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Solar PV in Africa: Falling costs driving rapid growth

Among the most transformative events of the current decade has been the dramatic, and sustained, improvement in the competitiveness of renewable power generation technologies.

Support policies for solar and wind power technologies are driving a virtuous circle of technology improvements, falling costs and continued growth in new markets. In 2015, more renewable energy capacity was added to the global energy mix than in previous years, including 47GW of solar photovoltaic (PV) and 63GW of onshore wind.

This article originally appeared in Issue 5 2016 of our print magazine. The digital version of the full magazine can be read online or downloaded free of charge.

Solar PV module prices have fallen by 80% since the end of 2009 and are expected to fall even further in the near future. Countries around the world are realising that plummeting costs of solar PV equates to some of the cheapest electricity available, where good solar resources exist and financing costs are reasonable. The competiveness of solar PV is dramatically illustrated by the recent string of tender result announcements that have prices below $0.03 cents per kWh in Dubai, Chile and Abu Dhabi. Thanks to these recent developments, the promise of solar PV in the sunbelt is about to be realised, and this will have profound implications for Africa.

Africa has abundant solar resources (up to 117% higher than in Germany), but also has a desperate need for new capacity to improve existing supply quality and meet demand growth. The continent is increasingly turning to solar PV as an economic means to bolster energy security, meet social and development goals and support rapid economic growth in a sustainable manner. In 2014, new capacity additions of solar PV in Africa exceeded 800MW, more than doubling the continent’s cumulative installed PV capacity. This was followed by additions of 750MW in 2015 (refer to Figure 1). There is also a fast growing PV market to meet off-grid electricity needs. Technology improvements and lower costs have spurred local and social entrepreneurs in the solar home system (SHS) market and in developing stand-alone mini-grids.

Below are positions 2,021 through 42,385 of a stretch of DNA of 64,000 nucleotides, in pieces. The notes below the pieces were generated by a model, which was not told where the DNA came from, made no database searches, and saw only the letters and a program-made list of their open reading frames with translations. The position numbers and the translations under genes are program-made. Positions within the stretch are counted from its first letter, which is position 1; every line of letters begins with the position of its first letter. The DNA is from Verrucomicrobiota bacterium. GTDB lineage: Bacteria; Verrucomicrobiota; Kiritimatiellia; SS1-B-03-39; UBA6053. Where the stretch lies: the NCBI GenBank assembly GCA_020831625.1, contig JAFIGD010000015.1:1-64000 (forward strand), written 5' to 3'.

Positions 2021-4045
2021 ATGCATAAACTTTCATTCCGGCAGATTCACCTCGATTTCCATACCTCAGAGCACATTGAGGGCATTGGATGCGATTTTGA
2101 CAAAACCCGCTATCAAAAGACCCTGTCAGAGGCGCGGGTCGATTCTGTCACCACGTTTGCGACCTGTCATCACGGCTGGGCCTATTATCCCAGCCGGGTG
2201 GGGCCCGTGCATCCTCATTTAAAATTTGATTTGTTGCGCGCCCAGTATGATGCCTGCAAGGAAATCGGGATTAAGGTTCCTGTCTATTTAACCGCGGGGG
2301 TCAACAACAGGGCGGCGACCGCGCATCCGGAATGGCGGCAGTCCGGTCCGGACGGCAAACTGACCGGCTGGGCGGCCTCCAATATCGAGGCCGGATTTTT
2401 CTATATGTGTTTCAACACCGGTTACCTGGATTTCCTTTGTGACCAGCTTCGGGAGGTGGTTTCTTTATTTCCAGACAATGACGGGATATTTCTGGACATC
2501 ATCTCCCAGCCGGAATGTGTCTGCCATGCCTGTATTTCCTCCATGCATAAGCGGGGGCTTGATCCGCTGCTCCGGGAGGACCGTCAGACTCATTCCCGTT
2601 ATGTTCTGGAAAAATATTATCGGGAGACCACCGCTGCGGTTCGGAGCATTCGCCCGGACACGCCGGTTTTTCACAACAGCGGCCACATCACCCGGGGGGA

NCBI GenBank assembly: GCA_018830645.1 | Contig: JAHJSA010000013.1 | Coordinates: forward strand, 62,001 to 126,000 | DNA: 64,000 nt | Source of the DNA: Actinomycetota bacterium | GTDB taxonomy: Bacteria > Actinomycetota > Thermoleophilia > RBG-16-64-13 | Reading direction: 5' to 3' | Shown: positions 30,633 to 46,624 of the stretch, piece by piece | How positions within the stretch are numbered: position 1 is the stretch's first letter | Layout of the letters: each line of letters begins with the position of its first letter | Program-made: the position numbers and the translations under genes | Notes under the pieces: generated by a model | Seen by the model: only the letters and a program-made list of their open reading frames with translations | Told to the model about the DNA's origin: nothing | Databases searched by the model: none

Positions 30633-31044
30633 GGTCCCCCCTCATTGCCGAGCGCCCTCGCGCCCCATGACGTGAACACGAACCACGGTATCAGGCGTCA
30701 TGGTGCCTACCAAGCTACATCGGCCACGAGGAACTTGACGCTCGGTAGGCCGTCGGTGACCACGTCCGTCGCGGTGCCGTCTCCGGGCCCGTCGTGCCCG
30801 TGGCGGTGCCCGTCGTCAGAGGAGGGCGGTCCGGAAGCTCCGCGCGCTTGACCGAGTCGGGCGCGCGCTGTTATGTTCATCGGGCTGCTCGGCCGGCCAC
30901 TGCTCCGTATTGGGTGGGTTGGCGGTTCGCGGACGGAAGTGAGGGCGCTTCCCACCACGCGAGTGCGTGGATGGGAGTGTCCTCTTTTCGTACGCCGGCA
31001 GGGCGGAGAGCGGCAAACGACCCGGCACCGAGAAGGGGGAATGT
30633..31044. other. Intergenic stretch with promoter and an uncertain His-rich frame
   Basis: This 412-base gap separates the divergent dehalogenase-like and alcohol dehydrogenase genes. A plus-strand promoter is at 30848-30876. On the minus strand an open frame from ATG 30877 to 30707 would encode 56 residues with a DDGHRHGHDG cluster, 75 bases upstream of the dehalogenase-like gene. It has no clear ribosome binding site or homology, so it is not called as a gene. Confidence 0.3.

Solar PV is a highly modular solution, both on-grid and off-grid, and can be deployed more rapidly than other generation options. Given the pressing need across Africa to boost electricity access and improve poor electricity supply, the ability to rapidly scale up solar PV is a significant advantage. Falling utility-scale costs will drive this growth – if the regulatory framework is up to the job.

The years 2015 and 2016 have been recorded as breakthrough years for solar PV in Africa. Many of the latest proposed utility-scale solar PV projects are targeting competitive installed cost levels that are comparable to today’s low-cost projects around the world. This is a very positive signal, given the nascent market for solar PV in Africa and the challenging business environment for infrastructure projects in many African countries.

The installed costs of utility-scale solar PV projects in Africa have decreased as much as 61% since 2012, to as low as $1.3/Watt (W) in Africa, compared to the global average of $1.8/W in 2015.